Sunday, August 10, 2008
hearing per permission given by an impartial hearing officer at least five days prior to the hearing (20 U.S.C. § 1415[c][E][i][II]; 34 C.F.R. § 300.507[d][ii]; see SRO 06-065, 06-139). Here, the parents raised an issue during the course of the hearing, an issue that they had failed to raise in their hearing request. The district, however, did not object and therefore, the SRO treated it as having been properly raised.
Saturday, August 9, 2008
Thursday, August 7, 2008
plaintiffs argue that P.K.'s disability and substance abuse were 'intertwined.' This argument could plausibly be advanced in most, if not all cases in which a student has both a disability and a substance-abuse problem. To accept it would be to hold that school districts must provide (or pay for) substance-abuse treatment for students who happen to be disabled. Nothing in the text of the IDEA suggests that Congress intended this result, which would add a significant financial burden to already heavily burdened public-school systems. Plaintiffs have not cited any case holding that the IDEA requires a school district to pay for private substance-abuse treatment, and we are not aware of any. Courts that have addressed the issue have reached the opposite conclusion, as do we.P.K. v. Bedford Cent. School Dist., --- F. Supp. 2d ----(S.D.N.Y. Aug. 1, 2008).
Note, however, that there is an inconsistency in the treatment of similar issues by the federal courts. For example, a Texas federal court ordered reimbursement for a variety of services stating that the child's "doctors recognized that extensive counseling was critical to treat the psychological and behavioral problems underlying her academic difficulties." Richardson Independent School Dist. v. Michael Z., — F. Supp. 2d — (N.D. Tex. Apr. 22, 2008).
Although, this is not a drug abuse case, the analysis is analogous. Unlike the SDNY, the Texas court found that the child's
academic difficulties were inextricably intertwined with her emotional and behavioral problems. The Court does not provide an exhaustive recital of the arguments and evidence previously presented, but rather distills the key facts. [The child] suffered from numerous debilitating conditions, including bipolar disorder, separation anxiety disorder, oppositional defiant disorder, attention deficit hyperactivity disorder, and pervasive developmental disorder. Defiant and aggressive, [The child] lashed out at teachers, skipped class, and was generally unreceptive to instruction. Repeated outbursts also limited her ability to focus, to absorb lessons, and to complete assignments in a timely manner. As a result, [The child] struggled academically in the approximately twelve schools she attended.Id.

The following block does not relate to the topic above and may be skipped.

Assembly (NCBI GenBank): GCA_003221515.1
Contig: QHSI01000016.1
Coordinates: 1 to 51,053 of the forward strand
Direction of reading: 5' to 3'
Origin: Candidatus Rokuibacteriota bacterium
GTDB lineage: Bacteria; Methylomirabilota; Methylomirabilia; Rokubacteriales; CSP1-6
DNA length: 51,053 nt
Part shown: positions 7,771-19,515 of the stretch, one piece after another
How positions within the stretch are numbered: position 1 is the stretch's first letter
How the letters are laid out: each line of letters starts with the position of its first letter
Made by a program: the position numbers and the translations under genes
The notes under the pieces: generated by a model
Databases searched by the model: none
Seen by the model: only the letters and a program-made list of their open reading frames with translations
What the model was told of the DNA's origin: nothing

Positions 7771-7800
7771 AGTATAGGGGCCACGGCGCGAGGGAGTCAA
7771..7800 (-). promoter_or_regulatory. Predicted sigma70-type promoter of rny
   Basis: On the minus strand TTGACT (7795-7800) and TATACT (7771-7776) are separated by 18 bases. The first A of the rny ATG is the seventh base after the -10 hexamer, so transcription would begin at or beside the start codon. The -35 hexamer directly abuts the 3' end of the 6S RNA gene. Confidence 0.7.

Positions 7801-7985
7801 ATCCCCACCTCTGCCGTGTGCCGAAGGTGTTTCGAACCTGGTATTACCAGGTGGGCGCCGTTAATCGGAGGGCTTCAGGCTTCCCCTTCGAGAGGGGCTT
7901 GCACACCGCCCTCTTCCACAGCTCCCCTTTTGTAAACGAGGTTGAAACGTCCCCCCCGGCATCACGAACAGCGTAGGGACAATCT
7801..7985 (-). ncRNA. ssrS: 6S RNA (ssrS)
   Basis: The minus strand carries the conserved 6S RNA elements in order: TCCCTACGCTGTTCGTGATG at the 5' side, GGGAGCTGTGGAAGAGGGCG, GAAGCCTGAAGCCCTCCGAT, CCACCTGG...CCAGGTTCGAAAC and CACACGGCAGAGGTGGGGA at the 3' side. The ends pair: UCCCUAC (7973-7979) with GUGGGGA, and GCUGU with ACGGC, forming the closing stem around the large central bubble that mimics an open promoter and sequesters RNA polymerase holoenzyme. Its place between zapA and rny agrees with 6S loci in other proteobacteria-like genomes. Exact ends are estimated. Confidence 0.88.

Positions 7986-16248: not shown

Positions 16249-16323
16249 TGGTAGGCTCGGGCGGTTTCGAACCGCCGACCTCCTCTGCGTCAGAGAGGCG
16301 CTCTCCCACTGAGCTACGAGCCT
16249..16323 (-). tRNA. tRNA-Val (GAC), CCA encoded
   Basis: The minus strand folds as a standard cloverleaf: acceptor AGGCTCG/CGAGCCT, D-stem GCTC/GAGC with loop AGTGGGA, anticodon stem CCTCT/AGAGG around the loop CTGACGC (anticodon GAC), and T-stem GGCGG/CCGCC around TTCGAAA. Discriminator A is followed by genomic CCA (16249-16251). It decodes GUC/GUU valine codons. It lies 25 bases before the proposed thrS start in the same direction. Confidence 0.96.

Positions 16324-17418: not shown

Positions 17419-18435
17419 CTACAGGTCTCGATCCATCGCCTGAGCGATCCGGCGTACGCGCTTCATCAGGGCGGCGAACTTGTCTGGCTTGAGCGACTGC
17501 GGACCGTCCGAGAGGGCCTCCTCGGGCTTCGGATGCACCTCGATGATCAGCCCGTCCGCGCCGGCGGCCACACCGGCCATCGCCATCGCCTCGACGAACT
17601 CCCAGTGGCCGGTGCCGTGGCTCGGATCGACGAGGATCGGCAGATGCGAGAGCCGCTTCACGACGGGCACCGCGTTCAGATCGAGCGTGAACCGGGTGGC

Tuesday, August 5, 2008
It is not unusual for a school district to radically reduce a child’s services or even declassify the child upon entering kindergarden. For a child who has been receiving services as a preschooler, the parent can request a hearing and assert the right to pendency. The SRO in appeal number 01-023 stated that
[t]he pendency provisions apply even when a child is transitioning from preschool to a school-age program (Application of a Child with a Disability, Appeal No. 96-48; Application of a Child with a Disability, Appeal No. 00-037; Application of a Disability, Appeal No. 01-003). Pendency protects against a unilateral change in a child’s placement, such as a material alteration of a student’s educational program. It does not mean that a child must remain in a particular site or location (Application of the Board of Educ., Appeal No. 99-90), or at a particular grade level (Application of a Child with a Disability, Appeal No. 95-16). Pendency has the effect of an automatic injunction, which is imposed without regard to such factors as irreparable harm, likelihood of success on the merits, and a balancing of the hardships (Zvi D. v. Ambach, 694 F. 2d at 904 [2d Cir. 1982]; Drinker v. Colonial School District, 78 F. 3d 859 [3d Cir. 1996]).